In its October 2003 report on the definition of disability used by the Social Security Administration’s (SSA’s) disability programs [i.e., Social Security Disability Insurance (SSDI) and Supplemental Security Income (SSI) for people with disabilities], the Social Security Advisory Board raises the issue of whether this definition is at odds with the concept of disability embodied in the Americans with Disabilities Act (ADA) and, more importantly, with the aspirations of people with disabilities to be full participants in mainstream social activities and lead fulfilling, productive lives. The Board declares that “the Nation must face up to the contradictions created by the existing definition of disability.”
I wholeheartedly agree. Further, I have concluded that we have to make fundamental, conceptual changes to both how we define eligibility for economic security benefits, and how we provide those benefits, if we are ever to fulfill the promise of the ADA.
To convince you of that proposition, I will begin by relating a number of facts that paint a very bleak picture – a picture of deterioration in the economic security of the population that the disability programs are intended to serve; a picture of programs that purport to provide economic security, but are themselves financially insecure and subject to cycles of expansion and cuts that undermine their purpose; a picture of programs that are facing their biggest expenditure crisis ever; and a picture of an eligibility determination process that is inefficient and inequitable -- one that rations benefits by imposing high application costs on applicants in an arbitrary fashion.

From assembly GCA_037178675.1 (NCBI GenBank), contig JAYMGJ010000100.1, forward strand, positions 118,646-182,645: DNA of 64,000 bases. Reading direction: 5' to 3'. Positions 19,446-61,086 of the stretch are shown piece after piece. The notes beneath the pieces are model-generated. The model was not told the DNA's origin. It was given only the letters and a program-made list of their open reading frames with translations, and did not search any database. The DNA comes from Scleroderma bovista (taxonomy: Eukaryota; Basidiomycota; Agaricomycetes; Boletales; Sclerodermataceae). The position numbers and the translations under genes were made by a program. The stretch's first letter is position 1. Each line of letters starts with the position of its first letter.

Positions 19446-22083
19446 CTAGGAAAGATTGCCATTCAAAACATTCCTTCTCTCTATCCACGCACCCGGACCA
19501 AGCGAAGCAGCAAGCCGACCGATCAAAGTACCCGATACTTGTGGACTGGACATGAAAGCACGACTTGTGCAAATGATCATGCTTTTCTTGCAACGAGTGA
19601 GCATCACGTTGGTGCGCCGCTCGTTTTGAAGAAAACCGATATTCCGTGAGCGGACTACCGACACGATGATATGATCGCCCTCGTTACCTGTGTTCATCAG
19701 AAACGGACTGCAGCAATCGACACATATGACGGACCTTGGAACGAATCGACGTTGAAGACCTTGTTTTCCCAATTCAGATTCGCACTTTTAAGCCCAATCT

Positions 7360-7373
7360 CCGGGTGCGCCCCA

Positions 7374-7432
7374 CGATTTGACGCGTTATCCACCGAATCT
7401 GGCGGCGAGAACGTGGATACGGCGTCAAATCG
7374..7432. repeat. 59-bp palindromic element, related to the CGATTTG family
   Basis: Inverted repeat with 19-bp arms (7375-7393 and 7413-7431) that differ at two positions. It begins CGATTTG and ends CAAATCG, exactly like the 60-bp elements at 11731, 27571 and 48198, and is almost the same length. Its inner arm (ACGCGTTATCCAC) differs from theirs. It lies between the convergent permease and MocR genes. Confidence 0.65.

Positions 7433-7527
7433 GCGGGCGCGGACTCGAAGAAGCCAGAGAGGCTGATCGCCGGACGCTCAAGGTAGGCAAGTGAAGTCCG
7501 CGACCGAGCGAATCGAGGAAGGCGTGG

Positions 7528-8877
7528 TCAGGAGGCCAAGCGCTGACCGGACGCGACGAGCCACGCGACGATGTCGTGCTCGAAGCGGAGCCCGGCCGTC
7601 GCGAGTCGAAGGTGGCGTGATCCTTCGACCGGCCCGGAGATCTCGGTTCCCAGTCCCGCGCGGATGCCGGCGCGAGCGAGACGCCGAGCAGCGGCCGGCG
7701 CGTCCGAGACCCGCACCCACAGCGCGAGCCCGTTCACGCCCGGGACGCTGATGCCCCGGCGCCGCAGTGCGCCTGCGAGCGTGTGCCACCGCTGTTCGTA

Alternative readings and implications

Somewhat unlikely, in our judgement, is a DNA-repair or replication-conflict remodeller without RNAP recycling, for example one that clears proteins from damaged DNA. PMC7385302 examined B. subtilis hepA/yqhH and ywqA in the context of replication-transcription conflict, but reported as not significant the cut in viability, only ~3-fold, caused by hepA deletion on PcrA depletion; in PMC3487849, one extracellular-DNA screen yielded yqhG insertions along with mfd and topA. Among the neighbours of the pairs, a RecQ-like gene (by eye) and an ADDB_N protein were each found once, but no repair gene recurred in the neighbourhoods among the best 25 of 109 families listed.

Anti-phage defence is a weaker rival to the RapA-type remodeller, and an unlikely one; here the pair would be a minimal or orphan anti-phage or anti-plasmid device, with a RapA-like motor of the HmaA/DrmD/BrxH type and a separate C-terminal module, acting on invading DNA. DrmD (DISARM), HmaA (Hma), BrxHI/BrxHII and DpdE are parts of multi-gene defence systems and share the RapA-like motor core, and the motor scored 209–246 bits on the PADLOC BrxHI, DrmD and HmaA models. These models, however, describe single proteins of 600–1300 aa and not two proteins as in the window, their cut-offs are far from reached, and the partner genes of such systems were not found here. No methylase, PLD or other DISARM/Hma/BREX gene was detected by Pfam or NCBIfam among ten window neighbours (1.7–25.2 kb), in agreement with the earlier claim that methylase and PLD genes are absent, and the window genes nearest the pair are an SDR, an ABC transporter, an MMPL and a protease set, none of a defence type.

I will then argue that the fundamental reason for this bleak picture is the conceptual definition of eligibility that these programs use – one rooted in a disability paradigm that social scientists, people with disabilities, and, to a substantial extent, the public have rejected as being flawed, most emphatically through the passage of the ADA. Current law requires eligibility rules to be based on the premise that disability is medically determinable. That’s wrong because, as the ADA recognizes, a person’s environment matters. I will further argue that programs relying on this eligibility definition must inevitably: reward people if they do not try to help themselves, but not if they do; push the people they serve out of society’s mainstream, fostering a culture of isolation and dependency; relegate many to a lifetime of poverty; and undermine their promise of economic security because of the periodic “reforms” that are necessary to maintain taxpayer support.
I conclude by pointing out that to change the conceptual definition for program eligibility, we also must change our whole approach to providing for the economic security of people with disabilities. We need to replace our current “caretaker” approach with one that emphasizes helping people with disabilities help themselves. I will briefly describe features that such a program might require, and point out the most significant challenges we would face in making the transition.